Journal of Theoretical Medicine
Volume 6 (2005), Issue 2, Pages 87-90

The Architecture of Viral Capsids Based on Tiling Theory

Departments of Mathematics and Biology, University of York, York YO10 5DD, UK

Copyright © 2005 Hindawi Publishing Corporation. This is an open access article distributed under the Creative Commons Attribution License, which permits unrestricted use, distribution, and reproduction in any medium, provided the original work is properly cited.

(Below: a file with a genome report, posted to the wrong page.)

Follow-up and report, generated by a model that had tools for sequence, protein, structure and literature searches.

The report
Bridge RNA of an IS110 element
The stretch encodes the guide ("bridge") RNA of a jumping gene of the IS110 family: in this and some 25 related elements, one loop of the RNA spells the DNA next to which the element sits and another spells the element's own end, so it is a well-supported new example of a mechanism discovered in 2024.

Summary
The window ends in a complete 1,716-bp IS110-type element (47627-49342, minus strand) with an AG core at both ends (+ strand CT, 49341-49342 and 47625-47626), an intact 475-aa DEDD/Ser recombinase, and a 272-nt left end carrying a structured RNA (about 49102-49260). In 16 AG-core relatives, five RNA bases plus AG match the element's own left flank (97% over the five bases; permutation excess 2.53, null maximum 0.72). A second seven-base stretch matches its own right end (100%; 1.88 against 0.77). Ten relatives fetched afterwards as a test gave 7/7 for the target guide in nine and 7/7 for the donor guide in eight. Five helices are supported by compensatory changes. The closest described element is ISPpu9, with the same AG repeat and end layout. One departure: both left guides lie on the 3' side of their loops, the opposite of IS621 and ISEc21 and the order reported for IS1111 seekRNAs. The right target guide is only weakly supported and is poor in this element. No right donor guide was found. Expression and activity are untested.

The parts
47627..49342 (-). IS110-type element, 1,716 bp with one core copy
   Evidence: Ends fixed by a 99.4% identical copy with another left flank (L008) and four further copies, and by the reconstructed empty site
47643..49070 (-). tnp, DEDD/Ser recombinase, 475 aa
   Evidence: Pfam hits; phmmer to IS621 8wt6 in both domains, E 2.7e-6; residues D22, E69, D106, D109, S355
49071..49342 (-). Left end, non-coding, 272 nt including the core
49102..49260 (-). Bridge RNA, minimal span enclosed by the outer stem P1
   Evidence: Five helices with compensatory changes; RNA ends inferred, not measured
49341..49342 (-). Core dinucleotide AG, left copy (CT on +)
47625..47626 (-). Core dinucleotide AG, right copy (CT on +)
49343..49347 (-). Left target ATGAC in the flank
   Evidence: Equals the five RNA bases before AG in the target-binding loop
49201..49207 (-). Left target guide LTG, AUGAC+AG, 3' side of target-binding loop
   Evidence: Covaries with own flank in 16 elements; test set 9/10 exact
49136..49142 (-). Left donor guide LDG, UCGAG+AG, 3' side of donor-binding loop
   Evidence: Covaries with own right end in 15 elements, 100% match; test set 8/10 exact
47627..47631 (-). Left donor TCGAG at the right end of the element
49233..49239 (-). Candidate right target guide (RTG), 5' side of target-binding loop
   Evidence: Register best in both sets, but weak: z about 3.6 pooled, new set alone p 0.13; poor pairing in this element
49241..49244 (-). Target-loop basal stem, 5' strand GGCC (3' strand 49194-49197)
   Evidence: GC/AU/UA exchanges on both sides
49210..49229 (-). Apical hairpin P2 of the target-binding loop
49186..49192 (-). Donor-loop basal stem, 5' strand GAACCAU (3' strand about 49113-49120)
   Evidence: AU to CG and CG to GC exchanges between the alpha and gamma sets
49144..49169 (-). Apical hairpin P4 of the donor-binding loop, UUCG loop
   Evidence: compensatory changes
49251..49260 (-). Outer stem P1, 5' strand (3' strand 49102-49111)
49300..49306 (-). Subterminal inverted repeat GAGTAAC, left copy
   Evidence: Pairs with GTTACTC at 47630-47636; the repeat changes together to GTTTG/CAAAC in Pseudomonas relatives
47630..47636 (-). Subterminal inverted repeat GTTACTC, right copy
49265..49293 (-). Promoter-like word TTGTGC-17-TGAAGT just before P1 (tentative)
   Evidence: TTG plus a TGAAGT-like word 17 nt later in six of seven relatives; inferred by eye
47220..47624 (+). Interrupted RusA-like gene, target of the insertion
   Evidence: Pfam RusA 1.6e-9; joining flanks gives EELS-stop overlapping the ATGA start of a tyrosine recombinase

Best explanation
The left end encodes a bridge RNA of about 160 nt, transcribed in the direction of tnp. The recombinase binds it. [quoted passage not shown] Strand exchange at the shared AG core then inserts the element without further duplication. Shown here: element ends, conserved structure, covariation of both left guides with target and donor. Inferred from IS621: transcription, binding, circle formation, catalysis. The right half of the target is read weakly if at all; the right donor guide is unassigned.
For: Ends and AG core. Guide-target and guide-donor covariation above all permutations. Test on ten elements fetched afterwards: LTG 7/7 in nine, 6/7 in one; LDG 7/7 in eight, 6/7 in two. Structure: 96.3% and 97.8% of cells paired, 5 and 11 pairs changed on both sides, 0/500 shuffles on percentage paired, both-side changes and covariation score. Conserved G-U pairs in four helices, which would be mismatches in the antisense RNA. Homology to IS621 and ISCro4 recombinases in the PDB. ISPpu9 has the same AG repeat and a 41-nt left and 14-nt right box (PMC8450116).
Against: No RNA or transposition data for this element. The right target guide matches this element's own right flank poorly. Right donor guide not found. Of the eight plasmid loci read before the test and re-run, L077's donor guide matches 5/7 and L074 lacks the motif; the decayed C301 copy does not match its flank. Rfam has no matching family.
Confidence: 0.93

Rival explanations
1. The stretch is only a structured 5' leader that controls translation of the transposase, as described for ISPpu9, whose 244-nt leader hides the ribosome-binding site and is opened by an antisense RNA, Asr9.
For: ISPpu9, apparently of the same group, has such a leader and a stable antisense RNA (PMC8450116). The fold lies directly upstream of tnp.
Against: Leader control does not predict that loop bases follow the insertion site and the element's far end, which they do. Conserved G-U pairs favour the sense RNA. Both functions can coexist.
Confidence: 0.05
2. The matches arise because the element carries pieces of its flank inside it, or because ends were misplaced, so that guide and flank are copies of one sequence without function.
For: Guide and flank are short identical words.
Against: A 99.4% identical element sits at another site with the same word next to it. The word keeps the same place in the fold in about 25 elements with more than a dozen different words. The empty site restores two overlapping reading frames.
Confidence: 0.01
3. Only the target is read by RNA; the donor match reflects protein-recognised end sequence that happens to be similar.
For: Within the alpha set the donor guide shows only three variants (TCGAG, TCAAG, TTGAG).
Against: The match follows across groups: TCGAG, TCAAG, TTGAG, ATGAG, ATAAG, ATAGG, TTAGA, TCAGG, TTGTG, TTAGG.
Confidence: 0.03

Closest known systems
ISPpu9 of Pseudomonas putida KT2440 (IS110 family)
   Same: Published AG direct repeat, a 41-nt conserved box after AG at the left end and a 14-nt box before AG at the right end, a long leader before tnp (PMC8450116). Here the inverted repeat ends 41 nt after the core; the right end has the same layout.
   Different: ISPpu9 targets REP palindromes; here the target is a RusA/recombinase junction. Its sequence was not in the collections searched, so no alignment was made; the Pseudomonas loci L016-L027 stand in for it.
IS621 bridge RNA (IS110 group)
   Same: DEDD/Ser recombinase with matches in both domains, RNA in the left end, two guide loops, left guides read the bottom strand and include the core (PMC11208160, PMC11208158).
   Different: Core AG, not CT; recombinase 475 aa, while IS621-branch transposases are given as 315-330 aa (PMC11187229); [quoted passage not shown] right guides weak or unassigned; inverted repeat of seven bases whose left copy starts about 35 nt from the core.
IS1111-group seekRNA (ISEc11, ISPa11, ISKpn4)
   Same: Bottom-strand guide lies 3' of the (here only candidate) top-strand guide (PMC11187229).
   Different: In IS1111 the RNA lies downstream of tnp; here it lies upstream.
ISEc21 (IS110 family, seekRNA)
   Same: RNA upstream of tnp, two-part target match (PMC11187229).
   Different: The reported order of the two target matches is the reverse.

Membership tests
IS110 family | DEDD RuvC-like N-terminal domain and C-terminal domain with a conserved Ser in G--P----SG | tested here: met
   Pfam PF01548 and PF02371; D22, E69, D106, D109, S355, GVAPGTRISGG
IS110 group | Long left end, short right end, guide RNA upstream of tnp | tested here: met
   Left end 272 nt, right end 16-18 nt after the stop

A vital constituent of a virus is its protein shell, called the viral capsid, that encapsulates and hence protects the viral genome. The surface structures of a large number of icosahedral viruses can be modelled via Caspar-Klug Theory, which has hence become one of the fundamental concepts in virology. However, growing experimental evidence have shown that a significant fraction of viruses falls out of the remit of this theory. Among them are the Papovaviridae, which are of particular interest for the medical sector as they contain cancer causing viruses. A novel approach for the prediction of the protein stoichiometry and bonding structure of icosahedral viruses based on tiling theory is discussed here. It generalises Caspar-Klug Theory, and is in particular applicable also to Papovaviridae. Besides describing the surface structures of the viruses, this approach also provides a tool for the classification of cross-linking structures and the construction of assembly models.